If Your Duplex Buyer Can’t Find A Bank, Be One

said on March 18th, 2010 categorized under: Financing

moneyLet’s face it. Due to foreclosures, short sales, job losses and tightened lending standards, fewer prospective duplex buyers can qualify for loans.

Ultimately, this translates to fewer potential buyers for properties, which contributes to declines in value.

Months and months ago I predicted we’d see the re-emergence of the contract for deed as a financing option. In recent days and weeks, I’ve begun to see just exactly that.

A contract for deed, which is sometimes called a land contract, is a means of financing a property in which the seller becomes the bank.

Of course, acting as the bank for a buyer carries inherent risks and rewards for a seller.

Benefits include:

  • A much faster sale, as there’s no waiting for mortgage underwriting or loans to be funded.
  • A way for a seller to simply get out of a property
  • A way to ultimately be paid more for the duplex than a traditional sale would offer, in that the seller would be earning interest as part of the payments.
  • Less stringent foreclosure laws which allow the seller to regain all rights to the property within 60 days of default, while keeping any of the monies from the payments or sale.
  • A way for an investor to spread capital gains tax over a period of years, thereby allowing for more comprehensive tax planning and savings.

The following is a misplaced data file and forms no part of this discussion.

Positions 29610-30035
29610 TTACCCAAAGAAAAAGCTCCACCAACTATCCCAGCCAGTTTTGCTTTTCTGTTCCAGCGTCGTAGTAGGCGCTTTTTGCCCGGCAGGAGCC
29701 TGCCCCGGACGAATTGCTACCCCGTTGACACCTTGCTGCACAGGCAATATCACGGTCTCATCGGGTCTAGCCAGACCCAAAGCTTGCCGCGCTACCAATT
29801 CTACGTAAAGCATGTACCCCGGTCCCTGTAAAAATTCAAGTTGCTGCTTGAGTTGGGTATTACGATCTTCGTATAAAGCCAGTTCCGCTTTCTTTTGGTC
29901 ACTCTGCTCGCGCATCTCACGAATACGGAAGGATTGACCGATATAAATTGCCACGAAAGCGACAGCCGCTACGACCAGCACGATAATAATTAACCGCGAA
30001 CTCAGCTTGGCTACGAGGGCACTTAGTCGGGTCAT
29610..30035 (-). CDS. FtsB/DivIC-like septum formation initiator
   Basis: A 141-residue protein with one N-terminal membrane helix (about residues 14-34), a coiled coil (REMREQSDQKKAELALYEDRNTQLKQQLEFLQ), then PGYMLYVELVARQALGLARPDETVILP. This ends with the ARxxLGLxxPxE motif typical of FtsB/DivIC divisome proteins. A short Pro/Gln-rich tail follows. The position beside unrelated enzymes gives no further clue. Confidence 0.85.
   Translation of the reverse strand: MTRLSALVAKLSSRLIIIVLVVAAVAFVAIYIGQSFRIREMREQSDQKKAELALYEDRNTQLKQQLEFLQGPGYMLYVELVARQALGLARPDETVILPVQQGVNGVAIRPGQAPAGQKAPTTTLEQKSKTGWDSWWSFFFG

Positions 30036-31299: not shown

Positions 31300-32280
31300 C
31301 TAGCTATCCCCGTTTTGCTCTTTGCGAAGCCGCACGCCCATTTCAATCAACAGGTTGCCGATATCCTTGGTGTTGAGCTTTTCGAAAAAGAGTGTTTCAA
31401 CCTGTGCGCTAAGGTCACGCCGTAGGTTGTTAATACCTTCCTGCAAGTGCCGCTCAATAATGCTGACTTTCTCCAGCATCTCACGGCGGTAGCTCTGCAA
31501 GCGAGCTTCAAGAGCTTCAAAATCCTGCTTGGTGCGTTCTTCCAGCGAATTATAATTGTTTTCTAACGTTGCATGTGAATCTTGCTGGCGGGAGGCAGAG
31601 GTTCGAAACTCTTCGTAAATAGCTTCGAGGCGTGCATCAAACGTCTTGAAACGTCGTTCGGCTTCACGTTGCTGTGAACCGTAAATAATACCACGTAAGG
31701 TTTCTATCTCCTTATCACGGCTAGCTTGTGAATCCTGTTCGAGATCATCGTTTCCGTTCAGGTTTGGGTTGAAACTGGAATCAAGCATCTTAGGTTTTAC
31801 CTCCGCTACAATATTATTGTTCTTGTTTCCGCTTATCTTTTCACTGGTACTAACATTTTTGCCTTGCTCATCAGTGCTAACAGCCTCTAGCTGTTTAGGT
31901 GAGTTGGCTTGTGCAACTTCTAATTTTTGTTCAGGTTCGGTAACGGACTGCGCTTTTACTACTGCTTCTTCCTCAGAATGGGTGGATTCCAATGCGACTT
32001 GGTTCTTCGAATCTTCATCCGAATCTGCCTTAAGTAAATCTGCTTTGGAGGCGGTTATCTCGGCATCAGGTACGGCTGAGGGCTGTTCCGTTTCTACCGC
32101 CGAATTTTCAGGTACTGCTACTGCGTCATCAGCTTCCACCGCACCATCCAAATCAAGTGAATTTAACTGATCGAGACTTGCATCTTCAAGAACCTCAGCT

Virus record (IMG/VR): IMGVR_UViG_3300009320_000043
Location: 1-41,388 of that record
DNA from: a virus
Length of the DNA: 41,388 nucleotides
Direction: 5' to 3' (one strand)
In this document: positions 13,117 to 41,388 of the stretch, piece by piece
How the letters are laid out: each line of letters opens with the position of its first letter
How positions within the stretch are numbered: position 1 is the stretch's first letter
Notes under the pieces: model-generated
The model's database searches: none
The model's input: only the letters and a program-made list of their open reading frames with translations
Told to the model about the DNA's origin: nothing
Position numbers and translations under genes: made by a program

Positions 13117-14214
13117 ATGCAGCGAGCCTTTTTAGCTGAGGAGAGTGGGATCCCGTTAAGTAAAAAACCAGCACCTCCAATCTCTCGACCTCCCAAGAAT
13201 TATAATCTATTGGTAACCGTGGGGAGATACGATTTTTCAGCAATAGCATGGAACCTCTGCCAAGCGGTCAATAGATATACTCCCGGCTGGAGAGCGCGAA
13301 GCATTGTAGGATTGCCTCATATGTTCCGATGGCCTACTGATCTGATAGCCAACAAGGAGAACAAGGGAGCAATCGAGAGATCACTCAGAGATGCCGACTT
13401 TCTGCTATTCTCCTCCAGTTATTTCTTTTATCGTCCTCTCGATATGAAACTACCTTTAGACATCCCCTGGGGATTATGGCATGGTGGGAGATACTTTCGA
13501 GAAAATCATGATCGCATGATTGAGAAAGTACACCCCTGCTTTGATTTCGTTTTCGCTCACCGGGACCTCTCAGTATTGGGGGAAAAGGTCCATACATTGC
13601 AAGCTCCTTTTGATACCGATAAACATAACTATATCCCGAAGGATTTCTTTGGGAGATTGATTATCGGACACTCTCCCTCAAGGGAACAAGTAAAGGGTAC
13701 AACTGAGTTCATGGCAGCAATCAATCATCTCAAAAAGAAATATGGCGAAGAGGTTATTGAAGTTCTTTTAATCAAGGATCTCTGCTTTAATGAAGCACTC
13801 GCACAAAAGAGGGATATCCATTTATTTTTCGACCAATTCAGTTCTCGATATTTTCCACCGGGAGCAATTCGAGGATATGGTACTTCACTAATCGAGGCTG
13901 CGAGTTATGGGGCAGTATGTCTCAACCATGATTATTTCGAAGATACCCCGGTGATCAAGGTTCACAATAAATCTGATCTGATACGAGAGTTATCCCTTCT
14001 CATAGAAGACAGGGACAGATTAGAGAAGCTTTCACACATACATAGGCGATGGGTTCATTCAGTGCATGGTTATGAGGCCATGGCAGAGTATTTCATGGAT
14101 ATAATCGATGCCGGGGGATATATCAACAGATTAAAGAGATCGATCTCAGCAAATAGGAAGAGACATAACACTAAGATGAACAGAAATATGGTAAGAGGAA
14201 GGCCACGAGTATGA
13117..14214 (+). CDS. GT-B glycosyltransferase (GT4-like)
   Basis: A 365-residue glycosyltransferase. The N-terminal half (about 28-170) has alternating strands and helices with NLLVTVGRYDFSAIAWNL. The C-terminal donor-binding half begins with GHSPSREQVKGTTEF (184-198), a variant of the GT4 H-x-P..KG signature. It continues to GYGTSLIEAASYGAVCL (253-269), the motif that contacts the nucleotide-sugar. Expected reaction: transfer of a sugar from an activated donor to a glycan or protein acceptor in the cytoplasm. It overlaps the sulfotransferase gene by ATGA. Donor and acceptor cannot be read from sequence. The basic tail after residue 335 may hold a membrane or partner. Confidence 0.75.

• The monthly payments may ultimately result in greater cash flow than was available to the seller as a landlord, without the headaches of maintenance and vacancies.
  • A balloon payment two, three or five years in the future, which allows the seller to retain the balance of their equity in a lump sum.

The risks of carrying a contract for deed can be:

  • Having to foreclose on the property, thereby being forced to manage and/or sell it all over again.
  • Having to make repairs after the foreclosure
  • Buyers may not have enough of a down payment to cover seller’s closing costs, resulting in the seller having to go into their pockets to pay the difference
  • Triggering a due-on-sale clause with your mortgage company.

Having weighed both the benefits and liabilities, many traditional sellers are finding a contract for deed to be a way to solve the problem of being stuck in a property they no longer care to own.